Wednesday, September 26, 2012

Moments of grace

The day feels like a reprieve. After a month's rainfall in less than a week, we finally experience some sun. The days have a lingering darkness that seems almost November, the sky heavy with leaden clouds, but today the sky has rolled back into a huge vault of improbable blue, and everything seems touched by light.

I walk up the lane to the brow of the hill; the old hollow way is pooled in sunlight, like honey seeping between the branches of the overhanging trees. As I clear the stile and step into the open field at the top of the hill, sunlight spills across the long, lank grass, wayward and fragile, the last of the day's warmth on my face. Two magpies shudder into flight, drifting downwind towards the hawthorn hedge. One for sorrow, two for mirth. I count magpies subconsciously, storing their portents in the back of my mind like a talisman against the uncertainty of the day. Three for a marriage, four for a birth.
This walk has become my barometer for the shifting weather and the moods of the changing days. Walking across the open field of limp, sodden grass, the wind in the trees sounds like the roaring of the sea heard beyond a line of dunes; an insistent hush, a feeling of sound rather than the sound itself; a echo of the passing wind. Swallows flog heavily into the gusts, like a rower pulling against a flooding tide.

I have come to recognise each lichened rock, each gnarled tree stump as I pass. The cattle trough at the corner of the field is steeped in thick peaty water. The field ashes catch the last of the afternoon's sun; as the shadows rise higher and higher in their boughs, only the tip of the tree is illuminated, like a halo of gold. At the far edge of the field, crouched amongst hawthorns, an old pollarded ash flickers in the wind, its leaves rippling like shoals of fish
Somewhere above me, in the tropopause, over layers of air thick with moisture and the tiny ice crystals of cirrus clouds, the polar jetstream is weaving its erratic, unpredictable course across the top of our weather patterns. Low pressure systems are tossed from side to side, like pebbles in the bed of a meandering river. I learned today that these air currents are around ten kilometres above us – that's as far away from me as the nearby coast, visible from the brow of the hill where I have walked today; a distance I can ride on my bike in half an hour. We like to believe that they obey the rules of physics, these shifting atmospheric patterns, but after this year of wet and wind, they seem more alive, more unbidden, more fluid. Like the patterns of flow in a river, they are too complex for us to understand; there are too many variables, too many unknowns. Today, the jetstream has shifted to the south, a whip-like flick of the thundering air, and we are bathed in autumn sun. I turn my face to the warmth, bask in its transience.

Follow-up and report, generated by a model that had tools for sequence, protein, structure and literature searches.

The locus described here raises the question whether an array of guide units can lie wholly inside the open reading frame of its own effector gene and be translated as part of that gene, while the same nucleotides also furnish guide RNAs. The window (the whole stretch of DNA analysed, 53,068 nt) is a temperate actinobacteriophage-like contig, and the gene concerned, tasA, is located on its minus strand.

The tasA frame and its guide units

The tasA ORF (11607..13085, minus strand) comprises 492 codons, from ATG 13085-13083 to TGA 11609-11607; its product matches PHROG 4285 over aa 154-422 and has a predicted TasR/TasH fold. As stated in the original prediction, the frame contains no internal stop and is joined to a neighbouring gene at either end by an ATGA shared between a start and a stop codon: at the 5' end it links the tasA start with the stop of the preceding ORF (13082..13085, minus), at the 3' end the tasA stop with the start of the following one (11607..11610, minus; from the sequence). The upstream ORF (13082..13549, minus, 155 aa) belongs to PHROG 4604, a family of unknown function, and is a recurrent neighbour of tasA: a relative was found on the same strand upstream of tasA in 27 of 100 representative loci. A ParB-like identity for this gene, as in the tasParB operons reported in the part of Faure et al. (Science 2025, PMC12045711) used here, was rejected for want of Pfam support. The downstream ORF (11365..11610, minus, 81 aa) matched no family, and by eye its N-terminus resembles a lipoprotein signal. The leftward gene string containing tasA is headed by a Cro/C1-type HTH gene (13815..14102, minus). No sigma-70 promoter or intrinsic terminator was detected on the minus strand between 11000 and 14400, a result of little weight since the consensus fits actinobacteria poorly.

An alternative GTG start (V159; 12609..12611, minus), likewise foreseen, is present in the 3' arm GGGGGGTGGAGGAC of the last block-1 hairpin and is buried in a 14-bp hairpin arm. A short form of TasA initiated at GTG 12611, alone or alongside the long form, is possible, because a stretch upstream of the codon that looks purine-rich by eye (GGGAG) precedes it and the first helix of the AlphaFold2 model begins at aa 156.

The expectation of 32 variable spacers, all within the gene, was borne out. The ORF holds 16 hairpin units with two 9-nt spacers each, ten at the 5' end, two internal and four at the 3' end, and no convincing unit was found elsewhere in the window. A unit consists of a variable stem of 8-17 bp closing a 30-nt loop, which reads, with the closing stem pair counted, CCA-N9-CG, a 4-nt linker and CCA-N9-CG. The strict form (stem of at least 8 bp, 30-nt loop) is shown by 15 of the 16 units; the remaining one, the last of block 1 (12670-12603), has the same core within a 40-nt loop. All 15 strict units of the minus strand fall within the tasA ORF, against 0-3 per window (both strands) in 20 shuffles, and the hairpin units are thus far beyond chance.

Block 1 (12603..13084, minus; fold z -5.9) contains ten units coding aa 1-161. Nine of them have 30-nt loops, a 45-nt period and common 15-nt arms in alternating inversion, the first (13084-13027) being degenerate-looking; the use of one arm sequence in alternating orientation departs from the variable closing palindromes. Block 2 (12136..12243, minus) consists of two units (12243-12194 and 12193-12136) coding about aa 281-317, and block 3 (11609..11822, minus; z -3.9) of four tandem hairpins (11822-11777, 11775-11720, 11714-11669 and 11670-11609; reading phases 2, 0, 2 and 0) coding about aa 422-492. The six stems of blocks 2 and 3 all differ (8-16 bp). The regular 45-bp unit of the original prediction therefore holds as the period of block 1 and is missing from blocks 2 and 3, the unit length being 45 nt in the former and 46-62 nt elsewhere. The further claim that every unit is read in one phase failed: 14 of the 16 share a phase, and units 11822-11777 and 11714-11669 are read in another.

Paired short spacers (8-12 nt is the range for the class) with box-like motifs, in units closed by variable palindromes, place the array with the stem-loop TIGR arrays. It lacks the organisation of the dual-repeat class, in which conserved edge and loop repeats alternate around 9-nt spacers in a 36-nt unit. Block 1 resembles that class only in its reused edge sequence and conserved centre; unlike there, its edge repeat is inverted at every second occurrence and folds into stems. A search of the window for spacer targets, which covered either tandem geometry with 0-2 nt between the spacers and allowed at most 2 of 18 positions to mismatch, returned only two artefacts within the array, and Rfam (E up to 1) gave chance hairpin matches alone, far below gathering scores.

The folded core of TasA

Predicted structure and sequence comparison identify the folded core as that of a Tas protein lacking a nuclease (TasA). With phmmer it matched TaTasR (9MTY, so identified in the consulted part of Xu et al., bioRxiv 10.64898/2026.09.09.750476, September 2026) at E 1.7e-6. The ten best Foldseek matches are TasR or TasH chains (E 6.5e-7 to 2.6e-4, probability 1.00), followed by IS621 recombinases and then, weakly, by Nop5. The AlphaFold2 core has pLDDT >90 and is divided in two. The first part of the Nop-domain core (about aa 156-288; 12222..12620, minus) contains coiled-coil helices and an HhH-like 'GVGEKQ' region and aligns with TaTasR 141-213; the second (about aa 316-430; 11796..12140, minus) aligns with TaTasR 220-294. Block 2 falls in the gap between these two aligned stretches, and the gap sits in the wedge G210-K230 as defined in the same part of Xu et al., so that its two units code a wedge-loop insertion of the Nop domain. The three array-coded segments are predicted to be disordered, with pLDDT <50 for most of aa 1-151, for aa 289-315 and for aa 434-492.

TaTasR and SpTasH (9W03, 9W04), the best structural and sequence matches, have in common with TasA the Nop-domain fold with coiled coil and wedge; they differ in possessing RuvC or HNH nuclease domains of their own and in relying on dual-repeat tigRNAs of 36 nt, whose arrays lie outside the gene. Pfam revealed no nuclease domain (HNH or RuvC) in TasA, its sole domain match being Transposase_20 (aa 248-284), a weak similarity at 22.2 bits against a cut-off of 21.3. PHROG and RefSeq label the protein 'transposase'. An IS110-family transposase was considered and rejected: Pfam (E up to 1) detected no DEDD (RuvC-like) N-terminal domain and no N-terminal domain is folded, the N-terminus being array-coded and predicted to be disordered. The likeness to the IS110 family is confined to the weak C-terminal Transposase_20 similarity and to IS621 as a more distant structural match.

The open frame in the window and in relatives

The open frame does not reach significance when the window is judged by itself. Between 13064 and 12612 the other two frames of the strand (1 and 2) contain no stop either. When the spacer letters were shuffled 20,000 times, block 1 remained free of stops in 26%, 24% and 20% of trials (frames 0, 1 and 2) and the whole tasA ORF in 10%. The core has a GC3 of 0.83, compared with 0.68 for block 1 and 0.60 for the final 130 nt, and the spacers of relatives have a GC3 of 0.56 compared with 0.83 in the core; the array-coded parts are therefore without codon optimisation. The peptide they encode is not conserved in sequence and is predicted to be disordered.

Friday, September 7, 2012

Leaving before dawn

When I was twelve or thirteen years old, I started a paper round. I covered the dull modern estates at the edge of the village; trimmed lawns and tarmac driveways, thrusting copies of the Daily Express and the Daily Mail into letter boxes stiff with nylon-brushed draught excluders. I remember that I had one copy of The Guardian to deliver; it belonged to my history teacher. It was probably the only copy in the whole district.
My father, inured to years of shift work, would wake me with a cup of tea before seven. In winter, I could finish the whole round before it was light, my fingers stained grey with the metallic taint of newsprint. At weekends, my mother would cook me eggs and mushrooms when I returned, ravenously hungry, cold, and carrying that strange sense that I had already been out in the world; I became a sort of envoy from a place of dawn light and chill air, a place where things happened outside of our human span, in a world unbeholden to our wakefulness.
What that paper round taught me, apart from the reading habits of the rural middle classes, was the pleasure of leaving before dawn, of being abroad in the world as the day begins; that sense of privilege and promise which comes in the space between first light and the full glare of the sun. It is a time when the world seems to hold its breath; when the wind eases and the rushing mill of human life is briefly suspended. When birds, pinned against the hurling sky, appear with the import of emissaries from another world.
It is a feeling, a passion, I have carried through my adult life; the thrill of leaving campsites and hotels in the early morning, of bus rides and train journeys through towns empty of cars and people, of the inevitable beauty of the wakening world. Just for a while, it feels that life can begin afresh, without its petty concerns and worries, without the taint of our mistakes and failings.
This morning, I breakfasted before six with a view across pine forests and the scrubby wasteland that attends airports the world over. The sky was easing into light; a muted charcoal blue that comes with the slow dawns in northern latitudes in September. I took a shuttle bus to the airport as the sun splintered through low clouds, shimmering off the wet roads and small lakes amongst the trees. Back at home, the family would still be sleeping, the house still and dark behind curtains grey with the first light of morning. My younger son would be whiffling in his sleep in those restless hours before waking. I thought of the family routines and rituals: the fruit chopped on a wooden board, the bread rising in a cracked earthenware bowl, the front door opened to smell the woodsmoke-and-leaf-mould scent of the autumn air. One thousand miles away, I am leaving before dawn, my heart's compass turned to home, the morning sun over my shoulder.